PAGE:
Family Law Hub

Sharland v Sharland [2014] EWCA Civ 95

W's appeal against a ruling that, despite a deliberate failure by the H to give full and frank disclosure, any order which would have been made if proper disclosure had taken place would not have been substantially different from the heads of agreement incorporated into the draft, unsealed order which was approved.

  • In a tweet: Even deplorable non-disclosure may not result in re-opened proceedings 

    Summary: The facts of this appeal case should be familiar as we recently covered the High Court decision. Here we see W appealing Mr Justice Bennett's order that her application to re-open her claim for financial remedies be dismissed on the grounds that the husband's ("H") non-disclosure was immaterial.  

    During the course of a final hearing in July 2012, W and H reached an agreement and the judge subsequently made a Rose order. However, the following month W applied to the court for the order not to be sealed and in due course made an application for the hearing to be resumed on the ground that her consent to the proposed order had been obtained by fraudulent non-disclosure on the part of H. The non-disclosure complained of was his failure to inform her and the court about arrangements to float in New York, by means of an initial public offering (IPO), a company, AppSense Ltd, of which he owned 63% of the shares. 

    The essence of the agreement compromising the parties' claims was that W would receive about £10.355million in cash and properties and H about £5.64 million in cash and properties. In addition, H had agreed to pay W a deferred lump sum equal to 30% of the balance of the proceeds (net of CGT and costs) of any disposal by him of any of his shares in AppSense, after payment of £4m into trust for their child T and a payment of £1,714,286 to W. W had asserted that H's shares were worth £47.25 million whilst the husband had valued the shares at £31.5 million.

    H's evidence at the original hearing was that it was most unlikely that there would be an IPO (or other steps leading to a disposal of his shares) in less than three years' time and probably not until five or seven years' time.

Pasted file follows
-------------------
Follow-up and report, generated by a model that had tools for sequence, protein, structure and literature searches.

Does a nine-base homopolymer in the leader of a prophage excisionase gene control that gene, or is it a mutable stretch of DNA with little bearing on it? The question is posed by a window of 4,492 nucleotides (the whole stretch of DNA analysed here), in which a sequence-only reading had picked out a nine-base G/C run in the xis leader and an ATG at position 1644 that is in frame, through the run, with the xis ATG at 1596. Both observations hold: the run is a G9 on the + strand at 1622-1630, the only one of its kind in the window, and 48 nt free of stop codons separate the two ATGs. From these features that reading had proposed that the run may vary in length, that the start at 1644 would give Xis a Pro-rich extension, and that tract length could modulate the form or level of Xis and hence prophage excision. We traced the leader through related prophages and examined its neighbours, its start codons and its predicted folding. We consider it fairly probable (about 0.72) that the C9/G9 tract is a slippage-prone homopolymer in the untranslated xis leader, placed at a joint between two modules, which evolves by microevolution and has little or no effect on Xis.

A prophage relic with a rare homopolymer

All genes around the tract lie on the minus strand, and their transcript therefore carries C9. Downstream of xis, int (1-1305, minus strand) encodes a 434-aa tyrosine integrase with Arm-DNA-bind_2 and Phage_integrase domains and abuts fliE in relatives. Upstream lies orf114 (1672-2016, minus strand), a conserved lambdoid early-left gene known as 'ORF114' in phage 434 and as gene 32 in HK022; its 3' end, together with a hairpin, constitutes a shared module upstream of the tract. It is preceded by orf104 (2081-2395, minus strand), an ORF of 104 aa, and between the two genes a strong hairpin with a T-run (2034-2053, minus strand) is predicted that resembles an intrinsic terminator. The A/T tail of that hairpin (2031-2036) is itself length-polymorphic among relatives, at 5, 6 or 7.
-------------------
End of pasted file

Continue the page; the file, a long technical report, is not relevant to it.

On W's application to reopen, Sir Hugh Bennett ruled (in a preliminary judgment) that he retained jurisdiction, as the order had not been sealed. In his substantive judgment he found that H's evidence at the original hearing had been seriously misleading and indeed dishonest because, contrary to his assertion that no disposal of any kind was likely for at least three years, planning for an IPO in early 2013 had been in full swing from January to August 2012. The judge decided that, had H disclosed the preparations for an IPO at the original hearing, he would have progressed the hearing as far as he could and then adjourned to wait to see whether an IPO did in fact take place in early 2103, and its terms. 

    However, by the time of the hearing of W's application to reopen, it was clear that the IPO had not in fact taken place. 

    W's grounds for appeal were that:

    • she had been tricked into an agreement that she would not otherwise have made; and 
    • in the absence of a full trial, at which H could have been cross-examined about his plans for realising the value of his shares in the company, the judge was not in possession of sufficient information to enable him to reach any reliable decision as to what order he would have made at the conclusion of the proceedings. 

    Meanwhile, H argued that the judge had applied the law properly and had been entitled to reach the conclusion that the order based on the agreement was no less favourable to W than that which would have been made if there had been full and frank disclosure and the case had run its course. 

    Held: Interestingly, the Court of Appeal was divided. Lord Justice Moore-Bick and Lady Justice Macur both dismissed W's appeal; however, Lord Justice Briggs decided to give a dissenting judgment, allowing W's appeal.  

    Turning to the majority view first, Moore-Bick LJ considered the speech of Lord Brandon in Livesey v Jenkins [1984] UKHL 3 and drew out three relevant points of principle:

    • the court's power to make orders for financial provision are derived solely from the relevant statutory provisions; 
    • there is no distinction to be drawn for this purpose between orders made following a disputed hearing and orders made by consent of the parties; and
    • when the court embodies in a consent order terms agreed between parties, the legal effect of those terms is derived from the order itself rather than the parties' agreement. 

    He held that the judge had correctly applied the principles set out in Livesey v Jenkins

    • W's contention that the court should set aside the order whenever it is satisfied that proper disclosure might have led to a different outcome, unless the respondent can persuade the court that no purpose would be served by doing so, was inconsistent with the principles in Livesey v Jenkins;